There is a famous saying that when the only tool you have is a hammer every problem looks like a nail. For politicians, bureaucrats, and many activists when the only tool they have is coercion the cause of every problem looks like too much freedom. And make no mistake; if you are committed to accomplishing your social goals by using government power, then, by definition, your only tool is the hammer of coercion.

As George Washington pointed out in his second inaugural address: “Government is not reason; it is not eloquent; it is force.” And when people choose to use government to accomplish their goals they are choosing to use force, not reason and certainly not eloquence.

Even in America, a country founded on the principle of freedom, when peaceful means fail people have always turned to the coercive powers of the state to get others to change their behavior. Slavery and later Jim Crow laws had their roots in just such a mentality. So did the military draft, compulsory school attendance laws, prohibition, anti-smoking and anti-drug laws, minimum wage laws, price control laws, anti-sodomy laws, and anti-cohabitation laws. In each of these cases a social or economic “problem” of some kind was defined, often erroneously, which is probably why reason failed, and the root cause of the problem was identified as too much freedom.

True to form, governments at all levels in North Carolina are affirming George Washington’s observation. The latest example is the city of Raleigh’s approach to solving its water shortage problems. If a local grocery store’s produce department runs out of oranges or its deli experiences a shortage of roast beef, it doesn’t blame its customer for having too much freedom to purchase fruit and meat. It simply finds a way to accommodate that freedom and to meet the demand.

The city of Raleigh, because of a complete government failure to plan for the needs of its citizens, finds itself running short of water, one of only a handful of goods, relative to a grocery store, that it is charged with supplying to its customers. Its response is to blame its customers for having too much freedom — freedom to water their lawns, freedom to wash their cars, freedom to power-wash their homes, and now the freedom to enjoy the conveniences of a garbage disposal. Instead of city politicians asking themselves “how can we accommodate our citizens’ free choices,” as the grocery store would, they immediately blame the problem on those freedoms. This is their nail, and their solution is the hammer of force. No surprise to our first president.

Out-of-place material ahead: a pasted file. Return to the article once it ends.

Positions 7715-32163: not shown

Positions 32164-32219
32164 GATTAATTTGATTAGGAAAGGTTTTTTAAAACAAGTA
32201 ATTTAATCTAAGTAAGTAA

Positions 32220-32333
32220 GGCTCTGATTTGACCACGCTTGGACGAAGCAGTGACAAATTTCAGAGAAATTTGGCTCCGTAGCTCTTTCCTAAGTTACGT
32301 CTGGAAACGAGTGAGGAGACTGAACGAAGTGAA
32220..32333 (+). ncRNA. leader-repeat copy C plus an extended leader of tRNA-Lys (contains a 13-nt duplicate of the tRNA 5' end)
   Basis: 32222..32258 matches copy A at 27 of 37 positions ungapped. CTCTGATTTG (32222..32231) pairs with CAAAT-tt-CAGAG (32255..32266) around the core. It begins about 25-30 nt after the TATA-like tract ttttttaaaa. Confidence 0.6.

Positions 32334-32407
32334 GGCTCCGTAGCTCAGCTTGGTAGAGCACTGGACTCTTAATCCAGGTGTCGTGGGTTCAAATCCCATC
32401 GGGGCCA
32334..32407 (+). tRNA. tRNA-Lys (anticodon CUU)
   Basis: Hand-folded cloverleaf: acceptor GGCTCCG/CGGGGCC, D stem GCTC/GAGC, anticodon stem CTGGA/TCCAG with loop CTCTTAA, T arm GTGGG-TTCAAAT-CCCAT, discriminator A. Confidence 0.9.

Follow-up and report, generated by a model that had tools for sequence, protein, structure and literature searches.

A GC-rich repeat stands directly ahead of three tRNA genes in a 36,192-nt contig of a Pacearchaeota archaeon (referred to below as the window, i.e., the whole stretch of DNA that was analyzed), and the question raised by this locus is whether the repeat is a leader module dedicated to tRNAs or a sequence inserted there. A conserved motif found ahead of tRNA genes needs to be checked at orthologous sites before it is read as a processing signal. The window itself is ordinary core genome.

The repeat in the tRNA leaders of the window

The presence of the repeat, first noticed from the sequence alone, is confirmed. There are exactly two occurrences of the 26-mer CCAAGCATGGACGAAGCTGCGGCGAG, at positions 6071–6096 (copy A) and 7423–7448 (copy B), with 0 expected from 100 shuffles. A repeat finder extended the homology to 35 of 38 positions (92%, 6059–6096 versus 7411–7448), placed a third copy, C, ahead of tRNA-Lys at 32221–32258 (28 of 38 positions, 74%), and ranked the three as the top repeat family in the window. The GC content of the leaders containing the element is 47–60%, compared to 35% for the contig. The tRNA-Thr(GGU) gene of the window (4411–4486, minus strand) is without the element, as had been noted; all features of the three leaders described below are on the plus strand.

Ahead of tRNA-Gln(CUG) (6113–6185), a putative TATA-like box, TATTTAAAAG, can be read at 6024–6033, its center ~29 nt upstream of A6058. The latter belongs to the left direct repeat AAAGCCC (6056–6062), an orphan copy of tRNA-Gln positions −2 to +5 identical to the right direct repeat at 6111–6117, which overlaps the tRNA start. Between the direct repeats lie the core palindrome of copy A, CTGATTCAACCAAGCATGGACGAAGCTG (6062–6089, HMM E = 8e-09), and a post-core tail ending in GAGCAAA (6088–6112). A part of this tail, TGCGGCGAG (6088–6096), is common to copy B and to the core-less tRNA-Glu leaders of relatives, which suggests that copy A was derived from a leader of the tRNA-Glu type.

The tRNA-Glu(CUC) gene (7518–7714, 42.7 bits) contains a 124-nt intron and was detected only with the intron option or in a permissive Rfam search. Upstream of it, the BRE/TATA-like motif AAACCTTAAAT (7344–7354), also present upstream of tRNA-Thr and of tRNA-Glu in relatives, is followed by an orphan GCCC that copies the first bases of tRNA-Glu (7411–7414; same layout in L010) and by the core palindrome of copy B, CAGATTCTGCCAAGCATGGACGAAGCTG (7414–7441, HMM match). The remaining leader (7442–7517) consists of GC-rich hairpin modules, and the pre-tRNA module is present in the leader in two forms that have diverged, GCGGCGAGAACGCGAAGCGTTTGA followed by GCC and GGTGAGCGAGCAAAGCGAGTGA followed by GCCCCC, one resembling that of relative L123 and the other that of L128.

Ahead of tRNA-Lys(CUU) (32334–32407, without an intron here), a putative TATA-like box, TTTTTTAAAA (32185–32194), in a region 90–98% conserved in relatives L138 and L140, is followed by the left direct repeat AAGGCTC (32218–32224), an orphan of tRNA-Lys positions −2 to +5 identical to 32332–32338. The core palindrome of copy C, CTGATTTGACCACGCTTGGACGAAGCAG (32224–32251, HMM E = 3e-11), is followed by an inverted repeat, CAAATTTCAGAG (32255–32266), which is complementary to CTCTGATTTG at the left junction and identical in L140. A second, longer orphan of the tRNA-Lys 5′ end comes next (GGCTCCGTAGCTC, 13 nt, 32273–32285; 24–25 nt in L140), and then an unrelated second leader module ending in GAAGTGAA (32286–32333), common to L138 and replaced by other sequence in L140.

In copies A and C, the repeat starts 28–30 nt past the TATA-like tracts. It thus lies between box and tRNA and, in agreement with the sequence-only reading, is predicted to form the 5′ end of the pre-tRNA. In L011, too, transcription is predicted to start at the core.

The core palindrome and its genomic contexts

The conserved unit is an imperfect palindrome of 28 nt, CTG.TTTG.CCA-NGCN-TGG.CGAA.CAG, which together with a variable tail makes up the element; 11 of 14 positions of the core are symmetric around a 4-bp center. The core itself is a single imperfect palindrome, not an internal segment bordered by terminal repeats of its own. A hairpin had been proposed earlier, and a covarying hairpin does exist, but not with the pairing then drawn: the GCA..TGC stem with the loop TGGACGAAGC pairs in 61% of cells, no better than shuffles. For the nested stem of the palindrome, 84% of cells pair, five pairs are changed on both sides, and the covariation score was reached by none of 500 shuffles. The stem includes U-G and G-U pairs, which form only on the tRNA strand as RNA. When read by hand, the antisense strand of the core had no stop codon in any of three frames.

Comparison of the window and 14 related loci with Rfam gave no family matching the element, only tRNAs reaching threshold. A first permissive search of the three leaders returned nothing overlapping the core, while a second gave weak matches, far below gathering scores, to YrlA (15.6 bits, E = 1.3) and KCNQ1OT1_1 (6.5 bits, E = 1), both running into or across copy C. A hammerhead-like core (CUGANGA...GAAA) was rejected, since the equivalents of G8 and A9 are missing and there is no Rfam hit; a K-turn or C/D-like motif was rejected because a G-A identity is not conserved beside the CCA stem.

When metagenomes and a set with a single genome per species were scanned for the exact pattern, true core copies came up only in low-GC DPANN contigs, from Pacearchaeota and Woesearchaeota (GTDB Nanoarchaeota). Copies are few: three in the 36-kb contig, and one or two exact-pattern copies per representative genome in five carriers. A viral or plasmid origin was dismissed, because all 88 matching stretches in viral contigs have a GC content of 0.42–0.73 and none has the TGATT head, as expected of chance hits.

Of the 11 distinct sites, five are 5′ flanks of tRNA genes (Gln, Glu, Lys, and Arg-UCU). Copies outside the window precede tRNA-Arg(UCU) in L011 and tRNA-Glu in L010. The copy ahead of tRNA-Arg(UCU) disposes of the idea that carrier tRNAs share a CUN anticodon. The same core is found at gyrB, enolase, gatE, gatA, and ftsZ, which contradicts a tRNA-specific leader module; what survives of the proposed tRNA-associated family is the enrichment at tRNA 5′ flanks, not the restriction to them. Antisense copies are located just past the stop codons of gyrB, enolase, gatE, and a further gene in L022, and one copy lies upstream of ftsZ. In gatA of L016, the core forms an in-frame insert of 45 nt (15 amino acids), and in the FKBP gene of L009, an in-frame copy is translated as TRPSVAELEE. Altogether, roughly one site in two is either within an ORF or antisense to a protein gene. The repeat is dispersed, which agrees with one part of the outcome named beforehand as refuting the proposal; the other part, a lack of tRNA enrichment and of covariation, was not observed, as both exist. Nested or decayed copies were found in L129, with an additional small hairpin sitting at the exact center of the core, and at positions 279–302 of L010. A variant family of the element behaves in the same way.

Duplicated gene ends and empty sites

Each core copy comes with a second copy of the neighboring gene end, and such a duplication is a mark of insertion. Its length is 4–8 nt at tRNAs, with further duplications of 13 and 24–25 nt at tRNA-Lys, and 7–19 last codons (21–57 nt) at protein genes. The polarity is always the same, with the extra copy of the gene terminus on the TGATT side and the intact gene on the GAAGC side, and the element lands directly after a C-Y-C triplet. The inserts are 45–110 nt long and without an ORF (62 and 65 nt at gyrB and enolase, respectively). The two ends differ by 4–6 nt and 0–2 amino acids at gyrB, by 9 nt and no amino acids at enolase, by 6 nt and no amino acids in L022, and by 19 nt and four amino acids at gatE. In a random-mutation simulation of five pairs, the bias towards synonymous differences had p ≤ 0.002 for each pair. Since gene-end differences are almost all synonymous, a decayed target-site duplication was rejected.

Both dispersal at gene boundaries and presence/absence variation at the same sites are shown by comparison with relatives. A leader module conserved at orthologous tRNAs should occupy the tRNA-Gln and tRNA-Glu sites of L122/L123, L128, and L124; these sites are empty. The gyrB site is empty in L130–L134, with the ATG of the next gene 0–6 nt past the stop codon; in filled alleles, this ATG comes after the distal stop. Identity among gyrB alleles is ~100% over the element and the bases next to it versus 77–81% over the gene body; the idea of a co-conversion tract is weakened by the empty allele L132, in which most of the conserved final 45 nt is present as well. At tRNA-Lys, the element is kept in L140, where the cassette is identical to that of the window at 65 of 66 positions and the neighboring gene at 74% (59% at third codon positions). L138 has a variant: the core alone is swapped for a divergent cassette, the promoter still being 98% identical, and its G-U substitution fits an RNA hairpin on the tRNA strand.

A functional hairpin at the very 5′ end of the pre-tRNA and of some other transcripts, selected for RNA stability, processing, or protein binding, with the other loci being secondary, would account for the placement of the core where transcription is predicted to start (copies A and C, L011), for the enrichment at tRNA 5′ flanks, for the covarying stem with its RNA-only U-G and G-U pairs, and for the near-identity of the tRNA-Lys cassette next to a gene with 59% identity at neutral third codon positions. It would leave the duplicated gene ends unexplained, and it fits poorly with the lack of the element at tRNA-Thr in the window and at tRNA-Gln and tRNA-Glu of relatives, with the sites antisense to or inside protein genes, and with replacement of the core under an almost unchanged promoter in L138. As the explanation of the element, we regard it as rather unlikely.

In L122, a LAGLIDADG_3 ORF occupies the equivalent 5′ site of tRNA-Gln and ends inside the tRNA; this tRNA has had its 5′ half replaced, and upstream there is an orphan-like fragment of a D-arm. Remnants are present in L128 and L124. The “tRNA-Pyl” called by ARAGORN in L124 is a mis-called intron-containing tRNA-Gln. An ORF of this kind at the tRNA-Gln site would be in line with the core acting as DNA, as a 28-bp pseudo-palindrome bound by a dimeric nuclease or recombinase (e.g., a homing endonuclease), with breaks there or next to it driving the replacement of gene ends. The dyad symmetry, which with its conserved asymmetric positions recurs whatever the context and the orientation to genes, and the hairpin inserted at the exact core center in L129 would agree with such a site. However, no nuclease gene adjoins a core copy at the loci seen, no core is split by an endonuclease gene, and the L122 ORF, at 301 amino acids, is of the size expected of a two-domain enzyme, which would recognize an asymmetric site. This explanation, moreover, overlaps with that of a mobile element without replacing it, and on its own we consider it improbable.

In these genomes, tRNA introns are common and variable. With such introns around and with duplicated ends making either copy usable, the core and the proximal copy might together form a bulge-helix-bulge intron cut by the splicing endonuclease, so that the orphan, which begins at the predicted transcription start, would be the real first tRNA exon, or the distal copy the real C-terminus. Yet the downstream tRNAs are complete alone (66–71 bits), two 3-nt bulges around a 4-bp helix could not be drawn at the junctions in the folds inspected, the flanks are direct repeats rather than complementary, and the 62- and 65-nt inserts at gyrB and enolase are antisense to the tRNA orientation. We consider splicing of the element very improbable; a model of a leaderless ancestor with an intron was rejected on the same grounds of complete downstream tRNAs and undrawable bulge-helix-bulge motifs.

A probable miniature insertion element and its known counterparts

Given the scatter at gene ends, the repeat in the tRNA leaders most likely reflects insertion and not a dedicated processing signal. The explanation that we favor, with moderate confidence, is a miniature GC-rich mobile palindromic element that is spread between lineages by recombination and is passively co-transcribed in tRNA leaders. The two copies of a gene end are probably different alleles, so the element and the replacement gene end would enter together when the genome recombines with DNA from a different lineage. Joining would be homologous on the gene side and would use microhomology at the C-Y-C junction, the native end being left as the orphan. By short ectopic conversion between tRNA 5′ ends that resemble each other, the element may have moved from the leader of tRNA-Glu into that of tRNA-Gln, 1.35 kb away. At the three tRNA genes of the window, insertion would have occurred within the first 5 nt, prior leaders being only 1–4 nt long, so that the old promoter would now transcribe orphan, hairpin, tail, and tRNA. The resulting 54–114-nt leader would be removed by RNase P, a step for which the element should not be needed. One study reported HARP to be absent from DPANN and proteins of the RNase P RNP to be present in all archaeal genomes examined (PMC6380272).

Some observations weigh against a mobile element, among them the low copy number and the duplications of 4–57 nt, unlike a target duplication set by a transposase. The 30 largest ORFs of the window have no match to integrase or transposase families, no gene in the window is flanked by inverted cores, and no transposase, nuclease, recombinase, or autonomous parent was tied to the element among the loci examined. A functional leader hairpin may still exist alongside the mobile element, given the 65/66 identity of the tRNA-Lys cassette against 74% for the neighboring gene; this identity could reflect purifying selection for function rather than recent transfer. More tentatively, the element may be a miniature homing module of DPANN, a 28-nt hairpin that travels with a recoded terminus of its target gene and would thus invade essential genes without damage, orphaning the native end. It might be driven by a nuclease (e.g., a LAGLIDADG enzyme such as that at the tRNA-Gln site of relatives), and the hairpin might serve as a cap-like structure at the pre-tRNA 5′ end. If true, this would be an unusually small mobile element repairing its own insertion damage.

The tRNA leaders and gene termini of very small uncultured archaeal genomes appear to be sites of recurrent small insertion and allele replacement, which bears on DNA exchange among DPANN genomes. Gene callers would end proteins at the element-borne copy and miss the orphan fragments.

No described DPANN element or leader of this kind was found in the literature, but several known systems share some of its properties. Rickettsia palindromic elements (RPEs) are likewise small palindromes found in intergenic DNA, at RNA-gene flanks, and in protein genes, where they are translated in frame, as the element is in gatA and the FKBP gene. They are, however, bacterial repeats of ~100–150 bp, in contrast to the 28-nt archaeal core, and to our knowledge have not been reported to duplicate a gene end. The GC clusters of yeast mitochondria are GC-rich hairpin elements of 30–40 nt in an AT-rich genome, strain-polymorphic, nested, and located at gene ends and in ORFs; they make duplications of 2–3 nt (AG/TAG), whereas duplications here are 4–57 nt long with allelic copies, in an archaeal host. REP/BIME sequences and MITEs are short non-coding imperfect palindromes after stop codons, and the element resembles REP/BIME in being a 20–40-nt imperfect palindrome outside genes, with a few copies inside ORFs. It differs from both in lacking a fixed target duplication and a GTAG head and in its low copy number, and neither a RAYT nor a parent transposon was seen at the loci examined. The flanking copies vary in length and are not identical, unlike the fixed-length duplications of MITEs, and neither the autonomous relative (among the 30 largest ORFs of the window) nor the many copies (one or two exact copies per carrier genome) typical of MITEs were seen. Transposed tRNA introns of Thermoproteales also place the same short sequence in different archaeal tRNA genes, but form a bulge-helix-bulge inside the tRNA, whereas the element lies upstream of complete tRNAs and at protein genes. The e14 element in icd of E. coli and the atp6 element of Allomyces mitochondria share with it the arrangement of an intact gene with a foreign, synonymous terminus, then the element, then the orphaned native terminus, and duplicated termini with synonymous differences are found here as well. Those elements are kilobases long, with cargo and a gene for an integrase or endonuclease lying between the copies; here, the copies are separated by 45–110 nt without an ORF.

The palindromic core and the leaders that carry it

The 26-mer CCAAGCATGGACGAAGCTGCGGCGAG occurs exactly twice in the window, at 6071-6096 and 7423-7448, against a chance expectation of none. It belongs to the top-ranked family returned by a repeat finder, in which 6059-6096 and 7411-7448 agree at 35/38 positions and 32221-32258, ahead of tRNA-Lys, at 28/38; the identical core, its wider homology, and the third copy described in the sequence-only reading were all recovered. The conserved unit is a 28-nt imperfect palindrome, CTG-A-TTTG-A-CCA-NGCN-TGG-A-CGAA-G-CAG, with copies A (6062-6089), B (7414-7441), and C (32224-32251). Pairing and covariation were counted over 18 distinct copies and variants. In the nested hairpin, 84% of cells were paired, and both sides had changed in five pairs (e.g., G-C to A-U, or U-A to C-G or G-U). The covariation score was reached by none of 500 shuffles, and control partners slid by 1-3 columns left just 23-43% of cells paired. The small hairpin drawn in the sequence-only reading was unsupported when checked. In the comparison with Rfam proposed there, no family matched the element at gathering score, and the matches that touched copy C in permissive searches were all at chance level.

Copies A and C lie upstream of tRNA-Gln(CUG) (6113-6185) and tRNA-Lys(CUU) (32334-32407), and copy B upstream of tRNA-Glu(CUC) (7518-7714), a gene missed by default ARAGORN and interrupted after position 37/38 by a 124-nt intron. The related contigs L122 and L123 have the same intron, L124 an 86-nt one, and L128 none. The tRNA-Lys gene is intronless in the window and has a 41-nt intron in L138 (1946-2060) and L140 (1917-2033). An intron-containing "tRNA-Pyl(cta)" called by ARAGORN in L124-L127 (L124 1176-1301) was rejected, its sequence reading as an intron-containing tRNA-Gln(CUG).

City and local transportation planners have for years been faced with having to deal with traffic congestion problems in and around North Carolina’s larger cities. Traffic congestion is very much like the water shortage problem. In this case it is a shortage of road space. And like Raleigh’s water shortage problem, this is an example of massive government failure in its ability to service adequately the free choices made by citizens with regard to their transportation needs. And, like the water shortage, the cause of the problem is, of course, too much freedom. With respect to traffic congestion, the wielders of force are convinced that people are exercising too much freedom in using their cars. And, instead of better managing the supply of roads, they have adopted a policy known as “transportation demand management,” which is a euphemism for managing what would otherwise be people’s freely made choices. According to the North Carolina Department of Transportation:

“Transportation demand management (TDM) is…intended to encourage the use of alternatives to driving alone, increasing the efficiency of the transportation system by focusing on travel demand instead of supply. Most TDM strategies deal with the modification of travel behaviors…” (Emphasis added.) (pdf link)